The Emerson CQC-15 is an issue folding blade that is a combination of the popular recurved blade of the Commander with the tough, armor piercing point of the CQC-7. This design provides tremendous cutting, slicing, and piercing capability housed in an ergonomic handle design that can be opened one-handed. The ESEE-5 originated as a SERE School request for a knife that wouldn’t break. The result is 1/4-inch-thick steel with a 5-1/4-inch blade. The knife has a glass breaking pommel and a divot in the handle to act as a friction fire spindle (bow drill) socket. It has become the new standard for many units.

Even though you forces may have a gun, a knife could be extremely useful in plenty of situations. What happens if gun jams and somebody is coming with a club or some other blunt object? This one piece of gear could potentially save the precious lives of SF soldiers and therefore a knife is considered as an essential tool.

There are several different versions of Crye uniforms popular with operators, but almost all wear the Multicam pattern now. The Combat Shirt, Field Shirt, and Jacket provide various levels of moisture wicking and temperature control, while all allow the use of insertable elbow pads. Combat pants all have 10 pockets and allow for insertable knee pads.

Salomon boots, which have received a lot of attention from SFs, use a “chassis,” or platform, that provides torsional stiffness and lateral stability, and wider outsoles to increase ankle support and provide a more stable platform for walking. The XA Pro 3D Mid GTX boot is a lightweight fighter that is used more on shorter range missions and for summer wear. It uses the Quick Lace lacing mechanism, which runs a 500-pound test strength lace that is pulled tight and then secured with a cordlock on the lacing, eliminating the need to spend time tying bootlaces. The Quest 4D GTX is a heavier boot made for winter or mountainous terrain. It has traditional laces, but those laces have a locking mechanism at the ankle so that the laces around the foot can be kept tight while the laces around the leg are looser to allow for expanding calf size and leg movement during exercise.

Even these days Special Forces, along with modern military gears, are also utilizing the services of military dogs, which prove to be a force multiplier for them in dangerous operations. The US SEAL Trained Belgian Malinois dogs are trained to attack anyone carrying a weapon and have become a pivotal part of special operations. They skydive from 25,000 feet, Helo Cast, and commonly work with assault team members in tunnels or rooms on Kill or Capture missions. They have cameras on their heads and radio ear pieces that let them communicate with their handlers.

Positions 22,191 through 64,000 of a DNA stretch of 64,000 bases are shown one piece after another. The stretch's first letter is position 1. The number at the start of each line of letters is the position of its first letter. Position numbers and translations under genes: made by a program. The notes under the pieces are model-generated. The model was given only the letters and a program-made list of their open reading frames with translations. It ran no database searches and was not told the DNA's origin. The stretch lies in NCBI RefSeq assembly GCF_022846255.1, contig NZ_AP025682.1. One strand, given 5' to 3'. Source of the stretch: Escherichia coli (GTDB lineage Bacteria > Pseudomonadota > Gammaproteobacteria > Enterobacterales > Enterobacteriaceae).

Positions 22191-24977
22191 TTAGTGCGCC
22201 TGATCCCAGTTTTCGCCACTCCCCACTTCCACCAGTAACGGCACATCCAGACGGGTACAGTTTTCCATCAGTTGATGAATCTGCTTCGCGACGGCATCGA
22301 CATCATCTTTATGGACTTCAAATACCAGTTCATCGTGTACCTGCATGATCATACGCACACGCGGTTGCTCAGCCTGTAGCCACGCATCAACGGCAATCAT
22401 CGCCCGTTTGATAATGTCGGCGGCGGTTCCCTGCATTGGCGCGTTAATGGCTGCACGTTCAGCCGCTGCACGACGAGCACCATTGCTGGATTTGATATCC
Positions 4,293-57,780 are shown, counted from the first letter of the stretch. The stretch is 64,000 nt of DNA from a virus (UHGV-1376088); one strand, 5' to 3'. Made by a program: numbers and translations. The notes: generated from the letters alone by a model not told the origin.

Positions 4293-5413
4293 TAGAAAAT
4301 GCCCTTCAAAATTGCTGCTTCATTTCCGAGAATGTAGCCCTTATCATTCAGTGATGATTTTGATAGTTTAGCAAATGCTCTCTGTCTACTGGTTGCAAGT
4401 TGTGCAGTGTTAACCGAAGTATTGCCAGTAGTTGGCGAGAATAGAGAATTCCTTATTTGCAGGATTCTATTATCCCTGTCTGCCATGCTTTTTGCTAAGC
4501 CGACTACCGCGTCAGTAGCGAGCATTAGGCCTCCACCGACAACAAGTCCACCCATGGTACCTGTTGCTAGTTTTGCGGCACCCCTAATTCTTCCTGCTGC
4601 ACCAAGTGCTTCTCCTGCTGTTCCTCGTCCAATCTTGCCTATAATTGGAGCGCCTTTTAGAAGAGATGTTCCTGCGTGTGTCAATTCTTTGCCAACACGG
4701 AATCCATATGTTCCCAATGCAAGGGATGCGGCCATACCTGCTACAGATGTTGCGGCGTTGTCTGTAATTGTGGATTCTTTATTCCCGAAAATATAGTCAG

Further HALO (High Altitude Low Opening) helmet system is an excellent help for SF soldiers as its components include- light weight helmet, communication mics, visors, goggles, and oxygen mask. It allows excellent peripheral vision, provides head, eye and facial protection, resists to penetration of sharp object and impact.

The high altitude jumps allows entire teams, undetected by radar, to infiltrate a combat area. The Military Free Fall Advanced Ram Air Parachute System (MFF ARAPS) provides a multi-mission, high-altitude parachute delivery system that allows personnel to exit at altitudes between 3,500 feet and 35,000 feet. The parachute, which replaces the current MC-4 parachute, [1] supports a total jumper weight of 450 pounds. It also provides non-MFF personnel with a ram-air parachute that is static-line deployed. This parachute is specially designed for HALO jumps and can function reliably in severe environmental conditions.

The Re-Breather is a simple underwater breathing device allowing Special Forces to navigate rivers and streams unnoticed. Kayaks allow Special Forces to move silently through rivers and lakes.

Operatives use lightweight inflatable boats to execute amphibious (water to shore) landings, or to launch from a helicopter.

The M-4 Carbine rifle is lightweight and customizable, making it the Special Forces oldier’s ideal choice for a wide variety of small-unit missions.  Further the M9 Pistol is a semi-automatic, double action pistol that has a rail system to allow attachment of an Integrated Laser White Light Pointer (ILWLP). The ILWLP provides a tactical advantage in close combat operations and has resulted in increased lethality and survivability for Special Forces Soldiers.